Late in 1819, already dying of tuberculosis, Keats was working on a comic poem, a fairy tale. Charles Brown later reported in The Life of John Keats that the poem “was to be published under the feigned authorship of Lucy Vaughn Lloyd, and to bear the title The Cap and Bells, or, which Keats preferred, The Jealousies. Keats never finished his comic poem but, suddenly, while he was working on it, he broke off writing—“Cupid I / Do thee defy”—and jotted down something else in a blank space on the manuscript. He wrote this untitled eight-line fragment:
This living hand, now warm and capable
Of earnest grasping, would, if it were cold
And in the icy silence of the tomb,
So haunt thy days and chill thy dreaming nights
That thou would wish thine own heart dry of blood
So in my veins red life might stream again,
And thou be conscience calmed—see here it is—
I hold it toward you.
These were probably the last serious lines of poetry Keats wrote. Most scholars agree that he meant them for later use as part of a larger poem or play, but, nonetheless, this freestanding lyrical fragment seems so vital, so haunting, I don’t see how anyone can safely ignore it. These lines were written by someone who knew, at the moment of writing, that the “warm” hand with which he could still touch you (the authoritative word “capable” hovers capably, both adjective and verb, at the end of the first line) will soon be “cold” and unable to grasp anyone, anything. He reaches out for contact because he can’t stand it. He is distraught, enraged, terrified. He would prove to you he exists: “see here it is,” he declares, interrupting himself, urgently holding out his hand. This is no sentimental gesture. He brings the future listener into direct focus. He turns that listener, that reader, from a more formal and distant “thou” to a closer and more intimate “you,” even as the poem moves from the conditional future to the present tense. He knows he will soon be collaring someone from beyond the grave, but he can only enact that gesture, that grasping motion, while he is still alive. This lyric is a time bomb which the poet is setting to explode on contact, on reading.
The “I” and the “you” in this fragment are unspecified, indeterminate. The speaker could be addressing a private communiqué to someone he knows and possibly loves, say, Keats to Fanny Brawne. An unnamed character in a poem or play could be addressing another character in the same work. Or the poet could be projecting forward toward the reader…I feel free to infer the speaker in the poem as a stand-in for Keats. And I hear the voice with the certainty that the person whose real voice animated the fictive one is now dead. If he could, Keats would have bridged in advance the gap—the impossible threshold—between the dead and the living. We know from his odes that he was obsessed with fusion experiences. But as it stands here, he cannot achieve one. Instead, he would cheat death by haunting the recipient’s (the reader’s) sleep, he would trouble your dreams, leave you so guilty, so stricken by loss you would wish to sacrifice yourself to bring him back to life, thus soothing your “conscience.”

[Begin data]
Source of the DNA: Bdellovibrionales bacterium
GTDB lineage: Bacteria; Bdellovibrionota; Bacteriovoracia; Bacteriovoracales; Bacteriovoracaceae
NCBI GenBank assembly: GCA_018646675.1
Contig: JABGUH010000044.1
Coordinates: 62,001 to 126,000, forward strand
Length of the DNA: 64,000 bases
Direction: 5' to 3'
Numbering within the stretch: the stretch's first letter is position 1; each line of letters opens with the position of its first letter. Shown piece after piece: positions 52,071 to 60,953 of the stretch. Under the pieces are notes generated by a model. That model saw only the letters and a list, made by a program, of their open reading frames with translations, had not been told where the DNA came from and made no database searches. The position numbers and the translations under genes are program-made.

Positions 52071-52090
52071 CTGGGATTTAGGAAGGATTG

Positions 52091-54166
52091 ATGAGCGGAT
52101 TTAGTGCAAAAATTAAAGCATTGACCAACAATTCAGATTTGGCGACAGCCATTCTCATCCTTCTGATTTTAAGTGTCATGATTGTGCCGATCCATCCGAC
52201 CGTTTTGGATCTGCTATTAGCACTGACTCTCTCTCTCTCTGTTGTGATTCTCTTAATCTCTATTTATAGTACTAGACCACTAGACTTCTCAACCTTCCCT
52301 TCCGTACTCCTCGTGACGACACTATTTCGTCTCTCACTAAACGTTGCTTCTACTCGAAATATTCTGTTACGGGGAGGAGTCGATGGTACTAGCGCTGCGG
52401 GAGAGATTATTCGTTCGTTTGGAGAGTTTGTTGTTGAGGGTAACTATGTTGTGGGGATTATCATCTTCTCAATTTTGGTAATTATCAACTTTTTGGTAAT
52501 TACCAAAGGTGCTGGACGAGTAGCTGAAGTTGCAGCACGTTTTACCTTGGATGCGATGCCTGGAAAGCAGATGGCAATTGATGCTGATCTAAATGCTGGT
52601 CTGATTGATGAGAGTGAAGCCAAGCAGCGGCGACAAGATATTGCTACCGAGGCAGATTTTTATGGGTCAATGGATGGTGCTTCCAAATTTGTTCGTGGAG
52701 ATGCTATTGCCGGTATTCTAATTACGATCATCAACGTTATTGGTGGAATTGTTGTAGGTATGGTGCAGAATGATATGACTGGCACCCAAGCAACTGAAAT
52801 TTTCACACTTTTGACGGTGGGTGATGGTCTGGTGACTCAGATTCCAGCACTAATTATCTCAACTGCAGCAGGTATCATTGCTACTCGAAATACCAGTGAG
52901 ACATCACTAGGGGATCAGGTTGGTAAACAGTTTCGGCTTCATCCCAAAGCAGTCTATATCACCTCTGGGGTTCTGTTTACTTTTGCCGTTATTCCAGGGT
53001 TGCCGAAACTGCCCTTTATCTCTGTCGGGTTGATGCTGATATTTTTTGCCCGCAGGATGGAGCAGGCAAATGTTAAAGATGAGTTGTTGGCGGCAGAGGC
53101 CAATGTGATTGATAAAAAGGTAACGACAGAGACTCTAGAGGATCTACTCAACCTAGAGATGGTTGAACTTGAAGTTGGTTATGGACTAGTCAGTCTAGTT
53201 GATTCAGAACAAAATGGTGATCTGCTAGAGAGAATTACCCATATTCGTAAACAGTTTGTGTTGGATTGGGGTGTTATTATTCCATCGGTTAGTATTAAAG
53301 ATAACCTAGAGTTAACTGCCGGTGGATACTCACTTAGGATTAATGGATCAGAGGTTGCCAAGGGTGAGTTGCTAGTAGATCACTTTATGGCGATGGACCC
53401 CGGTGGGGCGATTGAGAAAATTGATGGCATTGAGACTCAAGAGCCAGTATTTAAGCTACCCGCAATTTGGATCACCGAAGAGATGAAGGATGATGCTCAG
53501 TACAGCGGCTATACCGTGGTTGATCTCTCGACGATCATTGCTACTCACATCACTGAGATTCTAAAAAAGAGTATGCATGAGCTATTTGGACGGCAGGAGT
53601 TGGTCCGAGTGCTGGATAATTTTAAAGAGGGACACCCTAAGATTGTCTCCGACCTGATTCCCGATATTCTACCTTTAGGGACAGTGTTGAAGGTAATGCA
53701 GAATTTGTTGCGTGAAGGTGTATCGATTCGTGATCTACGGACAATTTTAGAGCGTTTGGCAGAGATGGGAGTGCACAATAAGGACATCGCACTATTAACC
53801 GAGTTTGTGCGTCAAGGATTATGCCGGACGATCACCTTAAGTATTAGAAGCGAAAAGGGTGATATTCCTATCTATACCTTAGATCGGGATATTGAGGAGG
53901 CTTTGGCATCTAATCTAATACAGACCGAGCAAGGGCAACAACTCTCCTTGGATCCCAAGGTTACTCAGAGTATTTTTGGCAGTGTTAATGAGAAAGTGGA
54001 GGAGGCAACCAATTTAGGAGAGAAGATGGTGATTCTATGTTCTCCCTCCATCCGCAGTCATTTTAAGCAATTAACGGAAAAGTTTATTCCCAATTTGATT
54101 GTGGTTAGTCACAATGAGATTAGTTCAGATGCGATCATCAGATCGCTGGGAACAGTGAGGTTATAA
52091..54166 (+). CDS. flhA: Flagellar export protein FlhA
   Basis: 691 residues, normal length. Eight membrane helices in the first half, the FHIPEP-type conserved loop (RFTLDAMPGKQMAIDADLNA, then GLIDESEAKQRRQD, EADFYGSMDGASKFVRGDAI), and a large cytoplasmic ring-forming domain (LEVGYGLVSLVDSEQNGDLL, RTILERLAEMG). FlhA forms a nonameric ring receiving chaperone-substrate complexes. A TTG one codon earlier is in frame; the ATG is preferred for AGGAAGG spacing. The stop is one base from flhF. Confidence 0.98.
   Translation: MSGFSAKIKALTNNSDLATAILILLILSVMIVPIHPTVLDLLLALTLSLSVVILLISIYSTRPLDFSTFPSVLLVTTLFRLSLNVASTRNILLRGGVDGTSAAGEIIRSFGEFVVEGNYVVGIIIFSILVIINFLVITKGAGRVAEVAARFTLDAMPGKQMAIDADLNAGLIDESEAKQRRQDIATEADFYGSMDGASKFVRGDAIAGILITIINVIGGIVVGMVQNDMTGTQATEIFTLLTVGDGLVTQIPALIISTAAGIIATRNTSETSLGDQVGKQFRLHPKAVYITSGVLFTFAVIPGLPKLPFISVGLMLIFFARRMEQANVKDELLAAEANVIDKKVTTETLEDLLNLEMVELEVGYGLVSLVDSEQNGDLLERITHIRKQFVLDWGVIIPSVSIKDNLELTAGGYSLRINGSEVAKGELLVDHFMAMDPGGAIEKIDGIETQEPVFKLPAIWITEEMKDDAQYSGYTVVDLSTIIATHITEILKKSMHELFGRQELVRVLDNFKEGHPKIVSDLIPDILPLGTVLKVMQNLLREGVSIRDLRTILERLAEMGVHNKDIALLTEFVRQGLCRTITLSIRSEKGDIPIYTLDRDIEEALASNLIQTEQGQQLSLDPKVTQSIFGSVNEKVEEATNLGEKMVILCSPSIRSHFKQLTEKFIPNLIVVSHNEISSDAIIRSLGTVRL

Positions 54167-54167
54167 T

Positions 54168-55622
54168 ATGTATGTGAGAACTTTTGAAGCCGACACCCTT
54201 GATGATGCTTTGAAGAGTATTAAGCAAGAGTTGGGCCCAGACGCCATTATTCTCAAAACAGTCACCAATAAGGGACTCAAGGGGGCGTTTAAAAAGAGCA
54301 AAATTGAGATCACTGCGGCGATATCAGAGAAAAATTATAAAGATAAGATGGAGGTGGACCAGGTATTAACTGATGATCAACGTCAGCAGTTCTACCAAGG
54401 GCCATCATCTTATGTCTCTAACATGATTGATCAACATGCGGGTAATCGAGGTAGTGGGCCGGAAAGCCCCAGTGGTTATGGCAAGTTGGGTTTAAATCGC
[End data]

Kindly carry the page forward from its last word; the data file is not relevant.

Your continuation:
I have never been able to read the line “So in my veins red life might stream again” with any equanimity. The haunting, he seems to suggest, would be more terrible even than death and so you should actually give up your own life to resurrect him. The fury behind this idea is immense—the fury of the desire to live, the fury of the consciousness of death, the fury that some love might have assuaged all this suffering. The utter lack of love infuses the poem’s tone. What ferocity drives it! Keats keeps the desperation going in this lyric, he embodies it in a Shakespearean rhetoric. That desperation give voltage to the well-wrought lines, almost lifting them off the page, almost scorching them. I hear it in the beseeching, agonized, infuriated voice. I feel it incarnated in the physical image of his once-living hand.
To read Keats in good faith is to breathe in these devastated and devastating lines, to take up the offer of his flesh-and-blood hand. He hold that hand toward you in a fierce and plaintive gesture of poetry that tries to go beyond poetry. One imagines his hand moving furiously across the page and then suddenly stopping. The truth was intolerable. The reality that his actual hand would be replaced by these living lines of poetry seems to have given him no comfort. Still, these lines must carry as much of him as possible, now; they are all that is left. The poet perceives this in advance. He gave his word for it. Take it up, as if you were taking his hand.
From How to Read a Poem, by Edward Hirsch